Yoshihito Isogawa is well known for his excellent Technic Idea book series, and now he is back with an idea book targeted for the EV3. The ideas are as imaginative as ever, captured in Isogawa-san’s signature style of close-up images. Read on for my review of The Lego Mindstorms EV3 Idea Book from NoStarch Press…
The first thing to note about this book, unlike many other Mindstorms EV3 publications, is that it is not about building robots. In a way this makes Yoshihito’s book unique in that it focuses on techniques you can incorporate into your own creations instead of presenting you with amazing fully realised robots. The book is also not about EV3 programming, in fact most of the designs in the book require nothing more than a motor and an on-off switch!
Who is this book for?
It’s for anyone who wants to move beyond the models in the EV3 Home set and try to build their own robots. You may be frustrated at how complex it is to build using studless Lego beams. Or you may wonder how some of the advanced robots you see on other websites work. Those builders have mastered the art of taking simple building techniques and using them at scale. Once you learn the same basic building techniques you can apply them over and over again in your creations. This book will start you on the road to learning those building techniques.
So what is in the book? Well you are in for a treat; 181 different builds ranging from simple gear ratios to walking robots using only the parts in the retail Lego Mindstorms EV3 31313 set.
The book is broken into 6 broad topic areas:
- Basic mechanisms: gets you up and running with gear ratios, worm drives, changing the angle of rotation, reciprocating mechanisms and other techniques.
- Vehicles: now we start to move with various ways of building wheeled and tracked vehicles.
- Moving without wheels: ditch the wheel and walk using legs!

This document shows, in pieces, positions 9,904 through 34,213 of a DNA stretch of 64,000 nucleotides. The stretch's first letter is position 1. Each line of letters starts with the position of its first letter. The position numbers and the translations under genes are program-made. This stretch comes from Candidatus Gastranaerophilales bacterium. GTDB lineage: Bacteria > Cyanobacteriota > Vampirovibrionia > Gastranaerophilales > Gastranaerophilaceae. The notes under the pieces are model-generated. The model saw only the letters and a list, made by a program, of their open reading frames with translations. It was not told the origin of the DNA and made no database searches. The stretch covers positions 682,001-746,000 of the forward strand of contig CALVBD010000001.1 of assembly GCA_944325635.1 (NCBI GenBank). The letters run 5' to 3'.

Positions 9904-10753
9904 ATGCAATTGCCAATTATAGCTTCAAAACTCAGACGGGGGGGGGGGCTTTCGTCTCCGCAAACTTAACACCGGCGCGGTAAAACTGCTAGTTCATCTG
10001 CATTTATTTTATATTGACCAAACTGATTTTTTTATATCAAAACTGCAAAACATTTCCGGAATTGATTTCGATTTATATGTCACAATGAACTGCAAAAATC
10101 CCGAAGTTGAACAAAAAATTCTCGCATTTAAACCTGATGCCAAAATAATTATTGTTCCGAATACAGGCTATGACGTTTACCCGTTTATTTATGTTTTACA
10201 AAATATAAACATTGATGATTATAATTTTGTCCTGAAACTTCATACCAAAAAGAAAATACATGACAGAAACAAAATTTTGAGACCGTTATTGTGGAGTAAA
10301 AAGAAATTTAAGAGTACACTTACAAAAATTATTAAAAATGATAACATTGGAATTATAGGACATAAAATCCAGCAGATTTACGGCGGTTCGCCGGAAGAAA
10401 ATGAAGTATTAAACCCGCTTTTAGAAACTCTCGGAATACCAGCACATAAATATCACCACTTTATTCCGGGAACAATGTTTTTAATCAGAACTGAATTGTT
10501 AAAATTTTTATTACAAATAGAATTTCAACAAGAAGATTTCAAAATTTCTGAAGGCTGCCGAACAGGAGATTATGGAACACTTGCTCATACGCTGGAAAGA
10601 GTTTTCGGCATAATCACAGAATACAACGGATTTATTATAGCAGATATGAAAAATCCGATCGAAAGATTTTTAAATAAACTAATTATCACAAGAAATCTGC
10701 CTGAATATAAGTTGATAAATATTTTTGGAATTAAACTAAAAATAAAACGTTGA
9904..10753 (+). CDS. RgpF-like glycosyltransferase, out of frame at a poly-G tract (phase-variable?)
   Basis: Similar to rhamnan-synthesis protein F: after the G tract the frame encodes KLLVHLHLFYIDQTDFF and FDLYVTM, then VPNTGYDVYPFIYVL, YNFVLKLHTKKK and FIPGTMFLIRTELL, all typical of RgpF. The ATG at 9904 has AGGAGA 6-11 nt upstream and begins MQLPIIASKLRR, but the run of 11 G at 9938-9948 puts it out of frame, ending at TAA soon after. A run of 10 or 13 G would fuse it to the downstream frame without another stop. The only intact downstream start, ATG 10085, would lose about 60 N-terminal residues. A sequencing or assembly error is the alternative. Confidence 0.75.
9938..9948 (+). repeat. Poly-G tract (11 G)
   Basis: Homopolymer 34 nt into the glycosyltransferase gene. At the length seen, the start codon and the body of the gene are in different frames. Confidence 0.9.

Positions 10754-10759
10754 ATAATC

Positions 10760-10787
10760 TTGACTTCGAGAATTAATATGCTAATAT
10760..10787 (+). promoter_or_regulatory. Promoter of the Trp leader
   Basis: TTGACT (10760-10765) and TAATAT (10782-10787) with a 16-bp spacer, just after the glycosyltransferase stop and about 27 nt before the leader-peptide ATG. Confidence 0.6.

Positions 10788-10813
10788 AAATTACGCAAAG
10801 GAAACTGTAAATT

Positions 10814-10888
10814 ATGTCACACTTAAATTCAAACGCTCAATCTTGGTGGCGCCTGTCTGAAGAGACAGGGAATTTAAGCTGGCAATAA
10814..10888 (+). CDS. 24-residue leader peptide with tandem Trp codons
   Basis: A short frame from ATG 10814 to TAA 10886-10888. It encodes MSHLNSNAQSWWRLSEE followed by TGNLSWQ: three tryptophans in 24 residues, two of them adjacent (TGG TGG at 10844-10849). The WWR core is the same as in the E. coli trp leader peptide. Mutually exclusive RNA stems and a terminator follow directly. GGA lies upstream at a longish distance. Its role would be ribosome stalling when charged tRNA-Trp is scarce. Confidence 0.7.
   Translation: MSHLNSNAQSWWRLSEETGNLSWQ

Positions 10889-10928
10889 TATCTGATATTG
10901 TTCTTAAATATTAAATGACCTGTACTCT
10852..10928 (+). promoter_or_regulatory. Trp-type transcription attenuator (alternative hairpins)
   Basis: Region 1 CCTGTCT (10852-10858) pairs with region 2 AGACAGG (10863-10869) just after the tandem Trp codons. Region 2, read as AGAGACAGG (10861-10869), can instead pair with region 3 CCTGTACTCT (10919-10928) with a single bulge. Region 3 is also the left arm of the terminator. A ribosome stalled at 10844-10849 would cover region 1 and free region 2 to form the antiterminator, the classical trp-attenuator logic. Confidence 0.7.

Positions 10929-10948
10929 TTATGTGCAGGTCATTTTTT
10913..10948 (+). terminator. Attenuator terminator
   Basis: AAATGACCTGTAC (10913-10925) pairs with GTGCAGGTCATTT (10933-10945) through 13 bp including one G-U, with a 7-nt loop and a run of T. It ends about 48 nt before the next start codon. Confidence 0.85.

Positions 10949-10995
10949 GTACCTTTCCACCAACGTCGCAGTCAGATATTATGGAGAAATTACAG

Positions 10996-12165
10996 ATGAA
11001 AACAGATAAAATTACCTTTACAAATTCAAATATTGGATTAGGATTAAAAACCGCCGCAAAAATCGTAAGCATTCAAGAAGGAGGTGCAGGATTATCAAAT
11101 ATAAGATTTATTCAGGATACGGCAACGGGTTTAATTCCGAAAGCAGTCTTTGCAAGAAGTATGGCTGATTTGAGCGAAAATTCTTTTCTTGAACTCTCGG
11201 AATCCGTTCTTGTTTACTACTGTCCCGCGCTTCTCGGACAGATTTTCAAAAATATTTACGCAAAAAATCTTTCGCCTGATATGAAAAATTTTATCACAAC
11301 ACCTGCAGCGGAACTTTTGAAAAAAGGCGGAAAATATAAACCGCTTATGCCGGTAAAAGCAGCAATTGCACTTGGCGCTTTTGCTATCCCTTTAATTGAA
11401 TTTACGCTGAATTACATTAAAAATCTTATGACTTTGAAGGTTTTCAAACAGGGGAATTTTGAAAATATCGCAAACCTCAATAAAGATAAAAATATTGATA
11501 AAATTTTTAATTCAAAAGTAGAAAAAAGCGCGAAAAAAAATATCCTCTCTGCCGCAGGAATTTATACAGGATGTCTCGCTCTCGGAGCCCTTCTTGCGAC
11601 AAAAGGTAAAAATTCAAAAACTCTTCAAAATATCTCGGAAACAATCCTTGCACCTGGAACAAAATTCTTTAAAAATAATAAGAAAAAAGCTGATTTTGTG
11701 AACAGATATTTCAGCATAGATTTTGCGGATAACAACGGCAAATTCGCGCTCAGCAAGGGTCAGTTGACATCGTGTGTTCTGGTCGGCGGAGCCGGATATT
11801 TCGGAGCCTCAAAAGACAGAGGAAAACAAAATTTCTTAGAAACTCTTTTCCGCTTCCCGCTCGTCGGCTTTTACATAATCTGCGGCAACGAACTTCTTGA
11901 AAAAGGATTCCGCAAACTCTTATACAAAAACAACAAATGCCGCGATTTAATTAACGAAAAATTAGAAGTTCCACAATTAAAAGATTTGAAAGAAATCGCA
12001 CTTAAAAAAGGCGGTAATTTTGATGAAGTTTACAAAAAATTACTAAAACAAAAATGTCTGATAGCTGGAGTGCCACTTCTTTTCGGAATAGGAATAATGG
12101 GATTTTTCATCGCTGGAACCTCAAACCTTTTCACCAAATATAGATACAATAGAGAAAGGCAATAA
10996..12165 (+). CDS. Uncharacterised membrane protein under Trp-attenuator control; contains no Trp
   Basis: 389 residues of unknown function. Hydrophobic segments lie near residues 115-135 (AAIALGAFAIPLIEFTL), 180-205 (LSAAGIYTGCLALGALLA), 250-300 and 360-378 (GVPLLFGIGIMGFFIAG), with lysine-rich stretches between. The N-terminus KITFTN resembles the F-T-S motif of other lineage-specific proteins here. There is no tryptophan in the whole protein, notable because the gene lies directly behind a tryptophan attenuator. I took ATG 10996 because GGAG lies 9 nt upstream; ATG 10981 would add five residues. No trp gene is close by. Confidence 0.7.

- Arms, Wing and other Movements: if you want to adorn your robot with droppers, flapping wings or interesting movements this section presents some ideas. I particularly like the ‘lifting things’ section that presents designs for simple forklift and scissor jack lifting mechanisms that could be built into any robot.
- Using sensors: this section is specific to the EV3 sensors and shows how to trigger them using different mechanisms. If you ever had the original Constructopedia from the first Mindstorms RIS set then this will bring back memories!
- Something extra: this section shows how to join beams at an angle using the Pythagorean theorem, and how to build a stand for an iPad.
Some sample images
These images give you a sense for the quality of the artwork in the book. Each of these models is constructed in multiple steps, but the book does not give traditional Lego step-by-step building instructions. You will need to do a little detective work to figure out how to build each model from the parts in the EV3 kit, but don’t worry, each model is shown from multiple angles and tricky steps are explained clearly.
The production quality of the book is very high. I really like the new wide-format and glossy colours that NoStarch are using for this book, and the previous two books from Sariel.
This is a must-have book for any aspiring robot-builder to have on their bookshelf. You will find yourself returning to it over and again to look up building techniques. I have only had my copy for a week and it’s already very well thumbed!